Cowboys and Steam Trains

In the small town where I grew up, there was a small theater that played popular, first-run movies. By today’s mega-plex standards, it was small with padded red seats, two narrow aisles, and only a slight slope to the floor. Outside was a lobby and small refreshments stand that served my dad’s favorite vegetable, popcorn.

The owner of the theater was a great friend of my dad’s and so in addition to regular trips to the movies, I got to celebrate a birthday party where I chose the move, my room was often decorated with framed Disney movie posters, and my parents always seemed to have a large collection of movies on VHS shakily filmed from the projection room (wait…and they gave me a hard time about Napster when I was a teen…).

But perhaps more importantly than all this, the owner of the theater, George, loved B-reel cowboy movies. Roy Rogers, John Wayne, Gene Autry movies were also on constant rotation in his theater and he had, over the years, amassed quite a collection of movie reels and the various projectors to screen them.

Finding other lovers of old cowboy movies, George started to put on events, The Old Cowboy Picture Show, where he would screen two or three old movies and then he and his friends would greet the audience afterwards in full western-movie regalia. This program grew and, even as the larger multi-plex in the town over put his theater under, The Old Cowboy Picture Show continued to grow and attract crowds. They moved to bigger venues. Since George had the equipment, they could set up on stages, old Opera Houses, and other fascinating venues. Movie stars traveling through the Southeast even visited the show.

I attended many of their shows, even going with the group to a Old West themed park, Tweetsie Railroad, to screen movies and shake kids hands dressed up in cowboy finery (or cowgirl in my case, with fringed boots, that I can still wear and are still awesome).

While my dad and George did the great Western road trip to see many movie locations and museums, I did tag along to see a group of cowboy musicians, Riders in the Sky. They sang both traditional western songs, many of which I knew from the cowboy movies and from my mom’s singing, as well as their own music. (She was raised in Texas and clearly supported this cowboy fascination.) Excellent musicians, they were later tapped by Disney to record songs for Toy Story, making their music even more familiar to the world of non-cowboy movie fans.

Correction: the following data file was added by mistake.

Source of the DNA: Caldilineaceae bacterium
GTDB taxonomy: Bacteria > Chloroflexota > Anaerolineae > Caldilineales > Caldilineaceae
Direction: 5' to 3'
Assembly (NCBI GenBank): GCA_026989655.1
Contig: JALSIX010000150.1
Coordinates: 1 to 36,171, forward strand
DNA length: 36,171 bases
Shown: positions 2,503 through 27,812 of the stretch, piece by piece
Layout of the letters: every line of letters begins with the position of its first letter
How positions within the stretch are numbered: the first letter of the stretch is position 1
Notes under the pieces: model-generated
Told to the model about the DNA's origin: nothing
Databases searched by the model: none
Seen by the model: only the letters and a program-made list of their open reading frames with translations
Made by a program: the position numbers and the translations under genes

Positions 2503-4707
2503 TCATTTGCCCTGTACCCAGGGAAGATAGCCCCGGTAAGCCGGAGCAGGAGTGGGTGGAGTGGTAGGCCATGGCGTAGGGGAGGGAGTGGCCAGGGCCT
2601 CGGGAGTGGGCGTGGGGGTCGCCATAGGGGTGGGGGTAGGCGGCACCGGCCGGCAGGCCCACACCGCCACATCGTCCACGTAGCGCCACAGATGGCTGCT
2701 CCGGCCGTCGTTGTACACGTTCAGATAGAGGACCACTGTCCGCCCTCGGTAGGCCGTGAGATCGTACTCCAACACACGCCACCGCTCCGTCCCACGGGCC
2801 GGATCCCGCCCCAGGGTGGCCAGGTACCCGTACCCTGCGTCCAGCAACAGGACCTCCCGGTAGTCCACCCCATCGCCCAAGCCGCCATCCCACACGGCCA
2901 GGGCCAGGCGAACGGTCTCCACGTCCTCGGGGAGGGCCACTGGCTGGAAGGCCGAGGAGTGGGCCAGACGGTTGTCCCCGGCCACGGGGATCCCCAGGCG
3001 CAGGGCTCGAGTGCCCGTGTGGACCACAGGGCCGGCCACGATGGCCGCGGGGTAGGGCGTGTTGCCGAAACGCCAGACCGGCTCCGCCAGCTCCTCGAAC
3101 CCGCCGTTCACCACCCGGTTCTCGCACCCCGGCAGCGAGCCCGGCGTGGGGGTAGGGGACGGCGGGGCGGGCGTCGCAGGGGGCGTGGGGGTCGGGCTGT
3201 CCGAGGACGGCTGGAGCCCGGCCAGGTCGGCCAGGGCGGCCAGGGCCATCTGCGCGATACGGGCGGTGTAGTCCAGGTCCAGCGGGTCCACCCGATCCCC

Years past. I got married. Geoff went with me to The Old Cowboy Picture Show, though he lacked appropriate boots. George passed away. I had some kiddos and many adventures.

Driving across country, Skye and I spent a night watching My Pal Trigger, curled up in a hotel in New Mexico with barely enough wifi to stream. On our way home, late at night driving across west Texas, mom got Skye out of the car at a rest stop so she could see just how big the sky really was in Texas.

Settled into the mountains, a few hours from Blowing Rock, North Carolina, I learned that not only was Tweetsie Railroad still open, but going strong. Even more excitedly, Riders in the Sky were performing for a weekend. I loaded the car with the over-excited-about-trains child, the baby, and the amused husband and drove them through the mountains in time to catch what I believe the Riders said was their 7,044 show. Or something like that.

For my dad, this was exciting. He was thrilled that his friend George had impacted my life so positively that I still loved cowboys (and Tweetsie) and wanted to share this with my children. Mom worked hard to make sure Skye knew the lyrics to her favorite Texas ballads. And, thanks to Disney, the audience was filled with a new generation of kids dressed as Woody and happy to watch the show.